While Trojans can have significant effects for individuals, they can be detrimental to businesses. With so much confidential data on hand, organizations have a lot of value in hackers’ eyes. They could be after you or your customers’ financial details or personal information. They might also be conducting corporate espionage or attempting to extort you for money. The sky’s the limit for these attackers, so Trojans must be included in your data protection strategy.

Can Trojans infect cell phones?

Trojans can infect cell phones. Usually, this occurs on Android devices when the user downloads a program through unofficial channels, such as an untrustworthy website. Even official channels can sometimes let malware through if the requirements to upload an app are lax. By only downloading from trusted, reputable developers, you can reduce this risk. Company-issued devices should have robust policies and restrictions in place to prevent unauthorized downloads.

Compared to Androids, iPhones use a more restrictive sandboxing process. Sandboxing is a development method in which applications are isolated from other critical systems in a device, preventing unrestricted access to system resources. In other words, each app runs on its own and does not communicate with other parts of the device.

While Androids have sandboxing, Apple has more restrictive settings and a robust developer vetting process that keeps malware out. If an iPhone gets a Trojan, it’s typically because the phone was jailbroken. Jailbreaking phones calls for bypassing manufacturer limitations, including security policies, so it’s not surprising this creates a route for malware.

How to protect yourself against Trojans

Trojans are particularly tricky to get rid of once they’re in place, so prevention is the best method for beating them. Below are some best practices for Trojan prevention in businesses:

1. Stay suspicious

Be careful with fear-mongering pop-up or odd emails

Users should never download software or click on attachments unless they’re 100% sure they’re trustworthy. Consider device restrictions and policies that only allow for downloading programs authorized by your IT team. Teach employees to stay on their toes and watch for fear-mongering pop-ups or odd emails that point to phishing. When business data is at risk, it’s better to be safe than sorry.

2. Update software immediately

Conduct updates as soon as possible. Many Trojans and other types of malware target known and patched vulnerabilities. Without the update, you’re leaving your systems wide open to exploits. Make sure all software and operating systems are regularly updated or, better yet, automatically updated.

3. Train your team

Since many Trojans target human behavior, it’s vital your team knows what to look for. They should be extensively trained on avoiding phishing attacks and keeping their devices protected. Implement a testing program that evaluates their ability to catch and report phishing attempts while keeping them alert.

Some topics to train on include:

  • Telltale phishing signs, like sketchy email addresses, typos, and mismatched links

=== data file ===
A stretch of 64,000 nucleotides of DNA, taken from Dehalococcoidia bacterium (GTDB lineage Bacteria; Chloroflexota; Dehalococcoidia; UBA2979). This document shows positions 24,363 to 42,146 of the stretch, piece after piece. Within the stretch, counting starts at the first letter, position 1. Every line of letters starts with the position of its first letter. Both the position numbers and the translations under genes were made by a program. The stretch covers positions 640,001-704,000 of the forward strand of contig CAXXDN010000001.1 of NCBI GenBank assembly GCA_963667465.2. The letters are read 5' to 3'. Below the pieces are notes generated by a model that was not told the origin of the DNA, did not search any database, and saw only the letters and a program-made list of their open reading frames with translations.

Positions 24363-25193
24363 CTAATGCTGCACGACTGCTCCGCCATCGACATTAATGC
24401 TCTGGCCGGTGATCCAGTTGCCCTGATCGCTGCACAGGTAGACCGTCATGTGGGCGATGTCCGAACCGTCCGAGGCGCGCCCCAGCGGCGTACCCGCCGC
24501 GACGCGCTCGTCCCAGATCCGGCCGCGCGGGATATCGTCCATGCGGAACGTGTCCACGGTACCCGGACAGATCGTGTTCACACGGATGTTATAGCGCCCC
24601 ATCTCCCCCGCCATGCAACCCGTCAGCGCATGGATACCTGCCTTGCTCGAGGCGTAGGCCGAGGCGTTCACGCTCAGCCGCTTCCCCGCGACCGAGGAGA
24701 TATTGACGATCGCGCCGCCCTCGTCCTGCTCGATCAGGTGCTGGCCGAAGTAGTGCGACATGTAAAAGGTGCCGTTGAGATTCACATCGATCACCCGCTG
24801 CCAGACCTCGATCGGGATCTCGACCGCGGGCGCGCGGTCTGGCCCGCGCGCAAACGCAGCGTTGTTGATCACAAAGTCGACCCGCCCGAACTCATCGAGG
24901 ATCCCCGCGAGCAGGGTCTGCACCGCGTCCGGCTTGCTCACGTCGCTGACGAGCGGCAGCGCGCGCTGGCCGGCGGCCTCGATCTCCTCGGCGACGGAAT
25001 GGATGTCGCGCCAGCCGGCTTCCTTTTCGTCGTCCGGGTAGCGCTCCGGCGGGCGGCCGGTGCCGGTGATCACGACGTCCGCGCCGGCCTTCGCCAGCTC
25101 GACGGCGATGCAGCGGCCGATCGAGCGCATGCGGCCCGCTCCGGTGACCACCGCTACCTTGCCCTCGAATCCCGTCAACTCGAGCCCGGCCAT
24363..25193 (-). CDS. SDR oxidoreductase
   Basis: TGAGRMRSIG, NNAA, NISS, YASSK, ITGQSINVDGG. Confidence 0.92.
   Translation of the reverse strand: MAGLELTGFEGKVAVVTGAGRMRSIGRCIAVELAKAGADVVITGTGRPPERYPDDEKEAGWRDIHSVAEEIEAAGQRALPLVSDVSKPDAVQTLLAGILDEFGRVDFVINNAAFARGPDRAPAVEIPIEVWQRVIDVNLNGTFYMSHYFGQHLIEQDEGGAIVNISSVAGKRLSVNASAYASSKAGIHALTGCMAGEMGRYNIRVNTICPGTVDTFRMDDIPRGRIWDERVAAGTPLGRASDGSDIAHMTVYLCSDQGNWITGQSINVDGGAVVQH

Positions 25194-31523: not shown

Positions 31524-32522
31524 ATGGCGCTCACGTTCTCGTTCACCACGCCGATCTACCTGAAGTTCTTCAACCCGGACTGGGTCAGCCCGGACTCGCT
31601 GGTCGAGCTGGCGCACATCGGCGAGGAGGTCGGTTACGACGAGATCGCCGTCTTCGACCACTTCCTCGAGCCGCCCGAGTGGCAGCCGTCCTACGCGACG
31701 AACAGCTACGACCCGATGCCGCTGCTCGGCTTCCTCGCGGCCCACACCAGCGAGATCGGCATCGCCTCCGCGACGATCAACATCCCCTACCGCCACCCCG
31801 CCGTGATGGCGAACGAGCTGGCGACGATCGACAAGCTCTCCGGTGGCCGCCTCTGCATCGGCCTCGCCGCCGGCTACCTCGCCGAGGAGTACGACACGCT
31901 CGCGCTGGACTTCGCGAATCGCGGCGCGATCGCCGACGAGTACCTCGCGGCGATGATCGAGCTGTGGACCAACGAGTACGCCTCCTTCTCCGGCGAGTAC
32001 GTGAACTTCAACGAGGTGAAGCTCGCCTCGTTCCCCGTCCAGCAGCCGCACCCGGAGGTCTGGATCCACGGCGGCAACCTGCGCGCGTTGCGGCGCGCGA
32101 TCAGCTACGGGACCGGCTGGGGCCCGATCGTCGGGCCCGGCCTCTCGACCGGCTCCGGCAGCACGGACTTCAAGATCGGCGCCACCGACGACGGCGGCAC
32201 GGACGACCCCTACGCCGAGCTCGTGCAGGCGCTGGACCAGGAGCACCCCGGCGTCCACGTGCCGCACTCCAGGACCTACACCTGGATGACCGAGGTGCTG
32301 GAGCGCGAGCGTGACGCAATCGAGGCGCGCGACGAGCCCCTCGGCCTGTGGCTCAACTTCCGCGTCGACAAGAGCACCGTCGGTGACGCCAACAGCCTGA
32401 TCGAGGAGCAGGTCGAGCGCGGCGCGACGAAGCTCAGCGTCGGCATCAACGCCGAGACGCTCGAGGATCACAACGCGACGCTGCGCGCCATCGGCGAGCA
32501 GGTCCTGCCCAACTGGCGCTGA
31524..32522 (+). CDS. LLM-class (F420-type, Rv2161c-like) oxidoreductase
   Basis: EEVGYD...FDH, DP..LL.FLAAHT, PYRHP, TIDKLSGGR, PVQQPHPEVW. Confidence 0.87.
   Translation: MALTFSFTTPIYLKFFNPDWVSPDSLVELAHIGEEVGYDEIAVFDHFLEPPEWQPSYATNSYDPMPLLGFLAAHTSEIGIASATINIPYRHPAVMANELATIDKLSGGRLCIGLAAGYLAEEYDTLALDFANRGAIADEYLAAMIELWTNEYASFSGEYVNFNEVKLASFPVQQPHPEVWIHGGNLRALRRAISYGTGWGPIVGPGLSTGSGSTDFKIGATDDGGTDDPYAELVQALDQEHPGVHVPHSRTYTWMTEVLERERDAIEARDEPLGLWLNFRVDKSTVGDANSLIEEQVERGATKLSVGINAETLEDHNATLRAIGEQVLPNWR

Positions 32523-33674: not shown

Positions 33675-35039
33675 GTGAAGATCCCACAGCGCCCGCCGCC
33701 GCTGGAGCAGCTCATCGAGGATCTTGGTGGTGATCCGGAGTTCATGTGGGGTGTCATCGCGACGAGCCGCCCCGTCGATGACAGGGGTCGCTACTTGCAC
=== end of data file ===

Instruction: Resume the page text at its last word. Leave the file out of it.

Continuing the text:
• How to avoid unsafe websites —  looking for “https” in the URL and using browser protections
  • Not clicking on pop-ups or suspicious links and never downloading from untrusted sources
  • Using password best practices
  • Watching for subtle changes in computer performance or display, such as slow operation, a different screen resolution, or new programs they didn’t install
  • Knowing what to do if they suspect malware — usually who to contact in IT

4. Install a firewall and antivirus program

While a firewall is the first line of defense, an antivirus program can also improve protection

If your office is a physical office, you may already have a firewall in place, but if not, considering installing one. A firewall is like a filter that follows certain parameters to keep malicious communications out. Even if an employee tries to download something malicious, firewalls are often effective in preventing infection to user devices. A firewall isn’t a silver bullet, but it’s a security necessity and has historically been considered the first line of defense.

A strong antivirus program can also be a valuable piece of the puzzle. This software should come from a reputable company that meets the specific threats facing your business. Email filters are another good way to keep Trojans out. Most email providers have strong options for spam filters that can catch the majority of phishing attempts.

5. Conduct regular backups

While backing up your data won’t prevent Trojans, it can make them less damaging. If your business becomes a victim of ransomware that holds your data hostage, recent backups can absolve you of giving in to their demands. You can simply restore the data and carry on as usual. The same goes for other attacks that corrupt a device or its data.

Cloud backups can be especially useful if a device is infected. Say a hacker is monitoring an employee’s screen. The employee detects it and continues their work from another device while IT sorts out the Trojan. Cloud-based backups take device-specific concerns out of the equation with access to files from anywhere.

6. Only work with trustworthy partners

Many Trojans come from unreliable sources or from poor security practices. You likely have a variety of programs and businesses you partner with to get the job done, such as your antivirus and email providers. Ensure everyone you work with abides by strict security standards. Most well-known and established companies have robust policies in place, but it’s always important to do your homework.